A Palo Alto systems engineer pleaded guilty in federal court Monday, May 7, to one count of conspiracy to commit mail fraud, United States Attorney Melinda Haag announced.
Sheng Qiang, who is also known as Becky Sheng Qiang, admitted to committing a sophisticated rebate fraud scheme with her husband, co-defendant Yezhou Zhao. He also goes by the names Jake Zhao and Jake Chao, according to the U.S. Attorney's office.
In pleading guilty, Qiang, 38, admitted that for approximately 5 1/2 half years, from 2002 to 2008, she and Zhao perpetrated a scheme to defraud 3Com Corporation, a computer-equipment manufacturer headquartered in Grand Rapids, Mich.
3Com offered a "Trade-Up" program, which encouraged customers to replace old computer equipment with new 3Com equipment through a rebate program.
Qiang admitted that she and Zhao submitted 98 fraudulent rebate claims to 3Com, totaling more than $634,000, and received more than $577,000 in rebate money from 3Com. Hewlett-Packard (HP) Company, an information technology corporation based in Palo Alto, acquired 3Com in April 2010.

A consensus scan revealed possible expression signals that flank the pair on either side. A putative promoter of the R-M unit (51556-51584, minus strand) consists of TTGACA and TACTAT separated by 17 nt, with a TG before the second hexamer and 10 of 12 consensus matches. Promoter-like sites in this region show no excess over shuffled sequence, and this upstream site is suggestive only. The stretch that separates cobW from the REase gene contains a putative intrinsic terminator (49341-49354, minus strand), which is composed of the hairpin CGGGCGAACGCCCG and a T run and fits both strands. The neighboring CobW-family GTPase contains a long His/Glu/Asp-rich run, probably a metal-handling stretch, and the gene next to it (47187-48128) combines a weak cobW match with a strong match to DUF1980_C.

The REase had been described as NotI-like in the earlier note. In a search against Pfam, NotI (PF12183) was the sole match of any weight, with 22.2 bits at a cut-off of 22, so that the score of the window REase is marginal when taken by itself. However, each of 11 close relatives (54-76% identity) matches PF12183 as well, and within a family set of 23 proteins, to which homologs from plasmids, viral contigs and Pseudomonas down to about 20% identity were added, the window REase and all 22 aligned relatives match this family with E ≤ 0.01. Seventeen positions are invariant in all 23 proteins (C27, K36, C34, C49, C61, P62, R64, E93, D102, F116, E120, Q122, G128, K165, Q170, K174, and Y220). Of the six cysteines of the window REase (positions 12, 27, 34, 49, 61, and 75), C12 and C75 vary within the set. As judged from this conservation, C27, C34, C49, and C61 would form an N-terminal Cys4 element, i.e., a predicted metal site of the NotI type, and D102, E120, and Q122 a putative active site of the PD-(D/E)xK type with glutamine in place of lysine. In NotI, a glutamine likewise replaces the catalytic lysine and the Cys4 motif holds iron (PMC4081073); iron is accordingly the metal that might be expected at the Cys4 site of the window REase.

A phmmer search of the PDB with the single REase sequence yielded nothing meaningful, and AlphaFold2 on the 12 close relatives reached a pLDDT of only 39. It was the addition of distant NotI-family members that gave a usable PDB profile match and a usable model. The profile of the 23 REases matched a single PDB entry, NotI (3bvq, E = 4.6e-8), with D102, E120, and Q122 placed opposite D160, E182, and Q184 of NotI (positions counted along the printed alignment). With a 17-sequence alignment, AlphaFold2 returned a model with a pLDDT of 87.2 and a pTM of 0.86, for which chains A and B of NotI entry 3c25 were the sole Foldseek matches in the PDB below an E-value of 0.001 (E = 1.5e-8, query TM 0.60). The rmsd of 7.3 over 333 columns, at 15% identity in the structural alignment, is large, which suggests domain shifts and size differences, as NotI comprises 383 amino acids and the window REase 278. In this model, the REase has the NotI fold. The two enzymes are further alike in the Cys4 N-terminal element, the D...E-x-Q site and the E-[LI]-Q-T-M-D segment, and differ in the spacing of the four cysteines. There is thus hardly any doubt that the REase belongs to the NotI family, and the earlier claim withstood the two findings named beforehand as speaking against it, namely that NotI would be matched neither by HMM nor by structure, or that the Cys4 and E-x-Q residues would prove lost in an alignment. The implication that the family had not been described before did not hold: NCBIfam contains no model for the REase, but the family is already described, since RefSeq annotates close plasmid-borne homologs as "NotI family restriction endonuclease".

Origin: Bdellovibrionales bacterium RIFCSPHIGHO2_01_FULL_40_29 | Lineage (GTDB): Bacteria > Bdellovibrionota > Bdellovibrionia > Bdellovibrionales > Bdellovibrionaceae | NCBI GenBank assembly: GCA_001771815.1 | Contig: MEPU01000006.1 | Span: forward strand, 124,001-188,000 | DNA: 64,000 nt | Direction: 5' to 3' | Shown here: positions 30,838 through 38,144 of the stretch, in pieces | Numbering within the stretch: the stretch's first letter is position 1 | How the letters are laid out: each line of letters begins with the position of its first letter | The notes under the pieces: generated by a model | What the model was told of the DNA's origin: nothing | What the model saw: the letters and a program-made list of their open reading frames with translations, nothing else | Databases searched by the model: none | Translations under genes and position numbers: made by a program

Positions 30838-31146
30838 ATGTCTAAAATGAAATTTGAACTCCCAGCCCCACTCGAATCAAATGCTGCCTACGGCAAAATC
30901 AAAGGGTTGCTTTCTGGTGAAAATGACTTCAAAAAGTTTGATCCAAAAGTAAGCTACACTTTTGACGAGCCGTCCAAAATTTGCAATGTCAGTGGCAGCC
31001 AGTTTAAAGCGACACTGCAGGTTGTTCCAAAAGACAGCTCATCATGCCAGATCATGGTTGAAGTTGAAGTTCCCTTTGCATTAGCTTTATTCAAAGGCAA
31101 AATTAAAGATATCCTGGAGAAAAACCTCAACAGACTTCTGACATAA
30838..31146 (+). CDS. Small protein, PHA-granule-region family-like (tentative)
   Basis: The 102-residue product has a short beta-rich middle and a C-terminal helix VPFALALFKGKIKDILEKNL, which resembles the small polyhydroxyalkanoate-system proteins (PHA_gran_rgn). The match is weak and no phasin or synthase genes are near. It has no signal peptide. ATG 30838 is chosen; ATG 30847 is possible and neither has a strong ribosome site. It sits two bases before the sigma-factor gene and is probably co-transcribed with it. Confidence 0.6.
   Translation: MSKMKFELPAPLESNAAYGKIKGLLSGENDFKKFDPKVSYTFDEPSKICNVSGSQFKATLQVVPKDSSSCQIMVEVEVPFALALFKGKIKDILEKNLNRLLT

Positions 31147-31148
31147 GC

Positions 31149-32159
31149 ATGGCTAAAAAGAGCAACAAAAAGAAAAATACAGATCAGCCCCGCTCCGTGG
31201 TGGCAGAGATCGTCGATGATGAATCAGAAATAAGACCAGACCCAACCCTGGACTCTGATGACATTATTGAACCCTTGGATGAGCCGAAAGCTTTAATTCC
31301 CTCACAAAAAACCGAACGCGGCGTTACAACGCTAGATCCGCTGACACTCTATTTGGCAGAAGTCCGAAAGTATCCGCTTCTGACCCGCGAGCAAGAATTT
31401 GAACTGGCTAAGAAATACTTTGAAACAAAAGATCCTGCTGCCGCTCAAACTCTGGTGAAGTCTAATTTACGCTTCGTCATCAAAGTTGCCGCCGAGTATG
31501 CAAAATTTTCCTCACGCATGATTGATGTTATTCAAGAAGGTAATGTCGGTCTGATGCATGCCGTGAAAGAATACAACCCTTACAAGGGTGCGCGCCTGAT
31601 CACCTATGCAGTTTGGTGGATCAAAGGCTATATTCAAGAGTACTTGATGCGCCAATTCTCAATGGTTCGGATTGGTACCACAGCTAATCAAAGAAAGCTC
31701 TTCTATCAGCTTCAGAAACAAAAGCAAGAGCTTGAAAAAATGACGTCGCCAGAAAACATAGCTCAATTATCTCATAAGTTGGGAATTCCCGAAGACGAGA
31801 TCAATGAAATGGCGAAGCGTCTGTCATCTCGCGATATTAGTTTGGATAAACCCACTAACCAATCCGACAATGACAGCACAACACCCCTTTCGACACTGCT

According to Qiang's plea agreement, she admitted that the couple established numerous shell companies and private mailboxes around the San Francisco Bay area. They submitted rebate requests to 3Com using various fake corporate and personal identities and forged and falsified documents.
After fraudulently receiving rebate money from 3Com, the couple deposited the funds in shell-company bank accounts and then transferred the money to their personal bank accounts or wired it to their account in the People's Republic of China. The fraud was committed while the couple lived in Milpitas.
Qiang was arrested at her Palo Alto home on July 24, 2009. She originally faced 25 counts, including conspiracy to commit wire fraud, mail fraud, conspiracy to commit money laundering, international money laundering to conceal illegal activity, and engaging in monetary transactions in property derived from specified unlawful activity.
Qiang's sentencing is scheduled for Sept. 4 at 9 a.m. before United States District Court Judge Ronald M. Whyte in San Jose. The maximum statutory penalty for conspiracy to commit mail fraud is five years in prison, a $250,000 fine, or twice the gain or loss resulting from the fraud, and restitution.
The prosecution is the result of an investigation by the United States Postal Inspection Service. Both 3Com and HP assisted the investigation, Haag's office noted.
Zhao has not appeared in court to face the charges in the indictment and is considered a fugitive. Authorities request anyone with information about his whereabouts to call the United States Postal Inspection Service at 877-876-2455.